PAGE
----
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You don't even lift, Bro!
As a lad, I worked a lot on my upper body. As an adult, I still do. If you are to get the most out of any weight-bearing exercise, you need to satisfy two criteria. The first is good technique. I've lost count of the amount of blokes, young and young at heart who have absolutely no idea how to lift.
They grunt, they groan. Their faces go crimson as they lift weights far in excess of what they should be handling. They pivot their body, jerking the weight and often causing themselves a mischief. And then they wonder why they are not building much muscle.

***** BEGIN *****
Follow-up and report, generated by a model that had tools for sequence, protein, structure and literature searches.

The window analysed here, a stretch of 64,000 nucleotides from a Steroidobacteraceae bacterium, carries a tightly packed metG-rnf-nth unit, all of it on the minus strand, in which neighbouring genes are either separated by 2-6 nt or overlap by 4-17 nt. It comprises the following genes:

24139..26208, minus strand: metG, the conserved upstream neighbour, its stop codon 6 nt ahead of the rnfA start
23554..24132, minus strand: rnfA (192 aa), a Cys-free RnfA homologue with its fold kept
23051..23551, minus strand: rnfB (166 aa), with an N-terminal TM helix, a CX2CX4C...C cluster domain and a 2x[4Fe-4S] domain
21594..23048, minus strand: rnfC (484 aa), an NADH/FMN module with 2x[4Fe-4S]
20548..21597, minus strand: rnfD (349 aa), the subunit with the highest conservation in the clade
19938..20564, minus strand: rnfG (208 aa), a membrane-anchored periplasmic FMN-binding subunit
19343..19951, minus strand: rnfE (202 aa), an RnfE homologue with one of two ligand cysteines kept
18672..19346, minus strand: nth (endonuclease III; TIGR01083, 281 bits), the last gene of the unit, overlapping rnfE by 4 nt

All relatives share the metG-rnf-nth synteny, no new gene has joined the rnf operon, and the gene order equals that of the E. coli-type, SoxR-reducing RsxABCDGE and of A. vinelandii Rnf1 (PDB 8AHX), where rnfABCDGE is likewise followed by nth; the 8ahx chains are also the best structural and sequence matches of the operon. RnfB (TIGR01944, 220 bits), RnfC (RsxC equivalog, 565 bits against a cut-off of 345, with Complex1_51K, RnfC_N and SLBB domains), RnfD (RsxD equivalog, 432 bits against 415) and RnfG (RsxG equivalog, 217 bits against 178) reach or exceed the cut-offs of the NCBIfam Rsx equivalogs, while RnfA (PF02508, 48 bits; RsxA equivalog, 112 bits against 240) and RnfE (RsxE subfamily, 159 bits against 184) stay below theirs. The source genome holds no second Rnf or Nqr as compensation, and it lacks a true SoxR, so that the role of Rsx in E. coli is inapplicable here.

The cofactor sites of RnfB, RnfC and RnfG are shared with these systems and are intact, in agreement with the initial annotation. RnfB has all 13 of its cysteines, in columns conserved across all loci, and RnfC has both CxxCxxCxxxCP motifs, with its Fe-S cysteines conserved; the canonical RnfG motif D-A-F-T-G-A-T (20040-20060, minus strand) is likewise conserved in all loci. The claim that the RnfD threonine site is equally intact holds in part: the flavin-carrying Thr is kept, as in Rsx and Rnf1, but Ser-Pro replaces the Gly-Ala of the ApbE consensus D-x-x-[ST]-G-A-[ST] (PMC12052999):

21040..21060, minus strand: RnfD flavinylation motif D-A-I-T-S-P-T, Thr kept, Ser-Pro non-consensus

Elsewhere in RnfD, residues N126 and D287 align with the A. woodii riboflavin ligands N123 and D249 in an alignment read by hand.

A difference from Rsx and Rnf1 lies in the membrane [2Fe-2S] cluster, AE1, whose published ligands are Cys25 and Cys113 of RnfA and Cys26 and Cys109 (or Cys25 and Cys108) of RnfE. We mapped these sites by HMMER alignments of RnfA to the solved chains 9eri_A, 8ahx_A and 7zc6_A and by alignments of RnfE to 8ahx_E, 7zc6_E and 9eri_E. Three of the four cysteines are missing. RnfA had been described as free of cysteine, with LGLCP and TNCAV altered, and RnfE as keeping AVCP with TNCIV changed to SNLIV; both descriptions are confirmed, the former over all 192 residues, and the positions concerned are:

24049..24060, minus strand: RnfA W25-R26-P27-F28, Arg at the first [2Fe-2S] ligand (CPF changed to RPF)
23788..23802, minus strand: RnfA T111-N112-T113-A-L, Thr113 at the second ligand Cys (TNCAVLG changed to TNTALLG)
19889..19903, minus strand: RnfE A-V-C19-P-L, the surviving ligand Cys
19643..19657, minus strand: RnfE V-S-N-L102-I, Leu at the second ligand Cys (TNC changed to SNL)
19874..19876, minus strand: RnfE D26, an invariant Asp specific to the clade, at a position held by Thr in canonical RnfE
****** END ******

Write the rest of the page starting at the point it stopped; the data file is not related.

The second criteria is the use of decent equipment. If you are going to buy dumbbells for home use, for your own sake, do NOT shell out on chunky plastic discs filled with sand. Save up a little longer if you need to, and get something that not only will last, but will make the exercises you are doing far more effective through more efficient concentration of weight.
You NEED cast iron.
Pump it real good
This particular set comes with either 12 (20kgs) or 24 (40kgs) cast iron disks, two 14 inch steel rods with grooved sections for the two sets of spin-lock steel collars. These again are a smart investment. The clip-on collars often supplied with cheaper sets are not great. In the middle of a set, they can slip and cause an accident. Not these. They will stay in place. It is good design.